I think it is immensely difficult to get the U.S. interested in non-U.S. topics. I dont think this is because the average American reader is disinterested, but more because of publishers playing it safe: if a thriller based in L.A. is a sure winner, why spend money plugging one based in Paris - or Bangkok?
The average American may not know who his grandfather was. But the American was, however, one degree better off than the average Frenchman who, as a rule, was in considerable doubt as to who his father was.
I was never used to being happy, so that wasn't something I ever took for granted. I did sort of think, you know, marriage did that. You see, I was brought up differently from the average American child because the average child is brought up expecting to be happy - that's it, successful, happy, and on time.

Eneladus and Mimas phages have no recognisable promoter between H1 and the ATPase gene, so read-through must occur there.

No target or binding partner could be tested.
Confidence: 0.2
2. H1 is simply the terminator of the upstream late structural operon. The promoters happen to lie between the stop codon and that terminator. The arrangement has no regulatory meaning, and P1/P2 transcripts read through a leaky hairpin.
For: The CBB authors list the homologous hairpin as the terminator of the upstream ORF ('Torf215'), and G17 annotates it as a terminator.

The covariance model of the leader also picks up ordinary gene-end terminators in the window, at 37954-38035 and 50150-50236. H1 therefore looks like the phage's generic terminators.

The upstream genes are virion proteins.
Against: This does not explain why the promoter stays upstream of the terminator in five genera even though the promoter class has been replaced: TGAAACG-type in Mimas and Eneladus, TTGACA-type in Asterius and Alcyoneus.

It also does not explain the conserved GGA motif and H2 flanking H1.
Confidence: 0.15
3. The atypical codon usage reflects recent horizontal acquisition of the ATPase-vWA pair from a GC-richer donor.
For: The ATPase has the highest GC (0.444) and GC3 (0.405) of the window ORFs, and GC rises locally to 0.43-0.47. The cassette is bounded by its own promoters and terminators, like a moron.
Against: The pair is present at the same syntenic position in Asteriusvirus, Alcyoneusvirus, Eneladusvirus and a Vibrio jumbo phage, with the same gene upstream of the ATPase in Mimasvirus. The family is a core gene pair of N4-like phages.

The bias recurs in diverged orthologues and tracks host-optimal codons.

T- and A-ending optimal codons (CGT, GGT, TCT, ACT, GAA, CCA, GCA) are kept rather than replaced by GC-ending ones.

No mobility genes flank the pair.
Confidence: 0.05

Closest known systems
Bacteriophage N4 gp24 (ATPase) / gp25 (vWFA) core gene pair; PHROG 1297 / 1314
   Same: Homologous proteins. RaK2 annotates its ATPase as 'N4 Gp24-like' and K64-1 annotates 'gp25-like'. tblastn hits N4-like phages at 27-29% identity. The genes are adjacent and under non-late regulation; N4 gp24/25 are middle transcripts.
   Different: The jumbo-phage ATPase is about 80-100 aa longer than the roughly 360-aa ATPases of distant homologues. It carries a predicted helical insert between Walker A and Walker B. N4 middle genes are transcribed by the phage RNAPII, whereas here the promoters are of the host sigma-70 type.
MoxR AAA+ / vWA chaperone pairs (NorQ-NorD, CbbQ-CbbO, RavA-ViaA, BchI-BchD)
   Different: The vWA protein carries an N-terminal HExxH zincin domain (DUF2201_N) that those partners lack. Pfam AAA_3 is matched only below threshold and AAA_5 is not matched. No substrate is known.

I knew I was different. I thought that I might be gay or something because I couldn't identify with any of the guys at all. None of them liked art or music. They just wanted to fight and get laid. It was many years ago but it gave me this real hatred for the average American macho male.
I can't think of anything that would do more toward putting us back on the road to liberty and personal responsibility than for the average American, and for the news media, to come to the understanding that we are not a democracy, nor were we supposed to be.
To the best of my knowledge and belief, the average American newspaper, even of the so-called better sort, is not only quite as bad as Upton Sinclair says it is, but 10 times worse, 10 times as ignorant, 10 times as unfair and tyrannical, 10 times as complaisant and pusillanimous, and 10 times as devious, hypocritical, disingenuous, deceitful, pharisaical, Pecksniffian, fraudulent, slippery, unscrupulous, perfidious, lewd and dishonest.